Musana mwane to everyone following along at home!
After a rough couple days and some intense bouts of homesickness, it seems our group has reached a turning point. With one week remaining, there will soon be no more musical greetings, no more chatting with Ben while we browse for chitenge in his shop, no more cooking with Mama Katendi and Mama Violet, no more laughing under the gazebo with our health and business students, no more intense games of ultimate frisbee with the ZamCity kids…. You get the idea. We are going to miss it here very much. The clock is ticking and we are soaking up every minute.
My day began as usual with a sweaty workout while some hit the road for a run and others took advantage of sleep. Clouds like cotton candy were sprinkled throughout the sky, and I said hello to the sun as it peeked over the horizon. A beautiful sunrise, it was.
I carried my feelings of gratitude and contentment with me to breakfast, where we enjoyed a lovely meal prepared by Hattie, Clare, and Bella. Not much later, I strapped up my chacos, Sierra tied her shoes, Clare put her crocs in sport mode, and the health team—minus Grace S., who was Mama’s assistant today—was off to the hospital. Eucharia greeted us with a shining smile, and looked fashionable as ever.
My time at the hospital thus far has been an extraordinary learning experience; the nurses and doctors are eager to share their knowledge with us, and I’ve been able to get an in-depth look at healthcare in Zambezi. However, and I say this for the sake of being totally candid, our time at the hospital is often accompanied by immense discomfort. Our role as observers feels intrusive as patients get examined before us, sometimes screaming in pain. During these moments, uneasiness lingers and prods. It asks, what are you doing here?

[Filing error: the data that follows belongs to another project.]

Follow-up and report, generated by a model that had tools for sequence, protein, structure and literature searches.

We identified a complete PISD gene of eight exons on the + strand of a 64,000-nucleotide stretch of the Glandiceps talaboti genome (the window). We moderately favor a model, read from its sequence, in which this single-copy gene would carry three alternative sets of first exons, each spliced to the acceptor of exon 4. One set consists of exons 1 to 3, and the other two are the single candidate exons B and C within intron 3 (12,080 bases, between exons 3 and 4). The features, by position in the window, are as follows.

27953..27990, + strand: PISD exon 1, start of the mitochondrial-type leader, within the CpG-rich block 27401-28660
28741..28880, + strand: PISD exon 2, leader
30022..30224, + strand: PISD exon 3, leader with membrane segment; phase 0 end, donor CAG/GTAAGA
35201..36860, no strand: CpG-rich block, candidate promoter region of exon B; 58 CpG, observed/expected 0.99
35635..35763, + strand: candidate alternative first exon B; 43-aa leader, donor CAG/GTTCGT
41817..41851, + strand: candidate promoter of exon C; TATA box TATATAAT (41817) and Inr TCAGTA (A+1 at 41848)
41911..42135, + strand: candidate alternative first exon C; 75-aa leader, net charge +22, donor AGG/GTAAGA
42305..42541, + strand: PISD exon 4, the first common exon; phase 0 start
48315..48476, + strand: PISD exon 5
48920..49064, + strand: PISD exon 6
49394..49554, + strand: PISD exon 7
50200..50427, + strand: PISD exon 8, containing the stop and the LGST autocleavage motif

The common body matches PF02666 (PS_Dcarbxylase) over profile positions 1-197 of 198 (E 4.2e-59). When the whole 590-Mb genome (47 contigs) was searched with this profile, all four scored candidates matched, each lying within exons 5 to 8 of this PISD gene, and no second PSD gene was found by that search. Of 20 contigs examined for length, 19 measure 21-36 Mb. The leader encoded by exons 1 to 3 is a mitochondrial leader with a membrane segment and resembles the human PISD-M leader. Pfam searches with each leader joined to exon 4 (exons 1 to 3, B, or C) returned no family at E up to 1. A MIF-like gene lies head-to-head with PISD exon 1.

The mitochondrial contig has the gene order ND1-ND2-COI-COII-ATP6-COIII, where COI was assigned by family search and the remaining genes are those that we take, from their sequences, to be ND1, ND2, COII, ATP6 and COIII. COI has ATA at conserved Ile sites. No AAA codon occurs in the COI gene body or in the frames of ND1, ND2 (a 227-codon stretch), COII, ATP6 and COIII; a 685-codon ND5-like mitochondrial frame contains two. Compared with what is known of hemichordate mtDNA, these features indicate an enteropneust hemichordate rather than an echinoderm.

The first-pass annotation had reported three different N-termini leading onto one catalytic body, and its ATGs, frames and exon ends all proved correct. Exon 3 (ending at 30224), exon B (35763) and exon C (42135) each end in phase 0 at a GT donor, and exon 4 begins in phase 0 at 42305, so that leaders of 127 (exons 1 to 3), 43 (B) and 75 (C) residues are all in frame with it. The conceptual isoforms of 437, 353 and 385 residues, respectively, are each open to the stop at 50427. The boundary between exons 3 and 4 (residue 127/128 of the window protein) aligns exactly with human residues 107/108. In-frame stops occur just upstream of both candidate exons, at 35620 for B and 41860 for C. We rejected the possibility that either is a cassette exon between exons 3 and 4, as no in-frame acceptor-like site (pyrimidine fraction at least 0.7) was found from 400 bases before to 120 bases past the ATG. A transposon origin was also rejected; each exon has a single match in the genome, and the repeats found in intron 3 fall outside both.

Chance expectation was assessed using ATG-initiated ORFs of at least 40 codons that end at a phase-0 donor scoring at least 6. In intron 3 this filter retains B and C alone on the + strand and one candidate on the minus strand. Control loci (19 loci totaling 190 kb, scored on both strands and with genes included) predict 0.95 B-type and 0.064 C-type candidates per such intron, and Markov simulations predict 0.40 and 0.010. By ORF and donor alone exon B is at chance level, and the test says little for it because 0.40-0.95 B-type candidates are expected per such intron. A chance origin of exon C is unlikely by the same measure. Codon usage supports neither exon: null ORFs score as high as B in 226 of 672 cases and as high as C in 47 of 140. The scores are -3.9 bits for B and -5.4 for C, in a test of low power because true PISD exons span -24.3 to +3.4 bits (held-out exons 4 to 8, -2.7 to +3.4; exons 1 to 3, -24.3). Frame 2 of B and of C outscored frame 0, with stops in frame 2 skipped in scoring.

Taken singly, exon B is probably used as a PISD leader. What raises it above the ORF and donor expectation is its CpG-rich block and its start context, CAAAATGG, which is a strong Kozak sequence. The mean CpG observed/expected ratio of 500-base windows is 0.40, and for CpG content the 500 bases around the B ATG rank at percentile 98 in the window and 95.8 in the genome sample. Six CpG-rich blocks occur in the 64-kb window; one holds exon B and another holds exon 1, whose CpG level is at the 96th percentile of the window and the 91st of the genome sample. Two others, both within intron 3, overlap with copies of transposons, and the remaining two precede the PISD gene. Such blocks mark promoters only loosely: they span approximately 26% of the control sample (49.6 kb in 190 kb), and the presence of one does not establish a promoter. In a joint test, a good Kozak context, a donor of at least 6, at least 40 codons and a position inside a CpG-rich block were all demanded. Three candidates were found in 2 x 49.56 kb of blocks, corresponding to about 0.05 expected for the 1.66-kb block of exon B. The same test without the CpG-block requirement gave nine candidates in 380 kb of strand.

I can’t help but spiral into a pit of stress-inducing thoughts. What am I doing here? Who am I, a measly little third year Psychology major, to invade a patient’s privacy like this? What is the point of me being in this hospital setting, where I am useless? Where I can’t even hold the hand of a crying child? Perhaps the cultural difference of privacy not being a priority here is at play, but nonetheless I struggle with these feelings.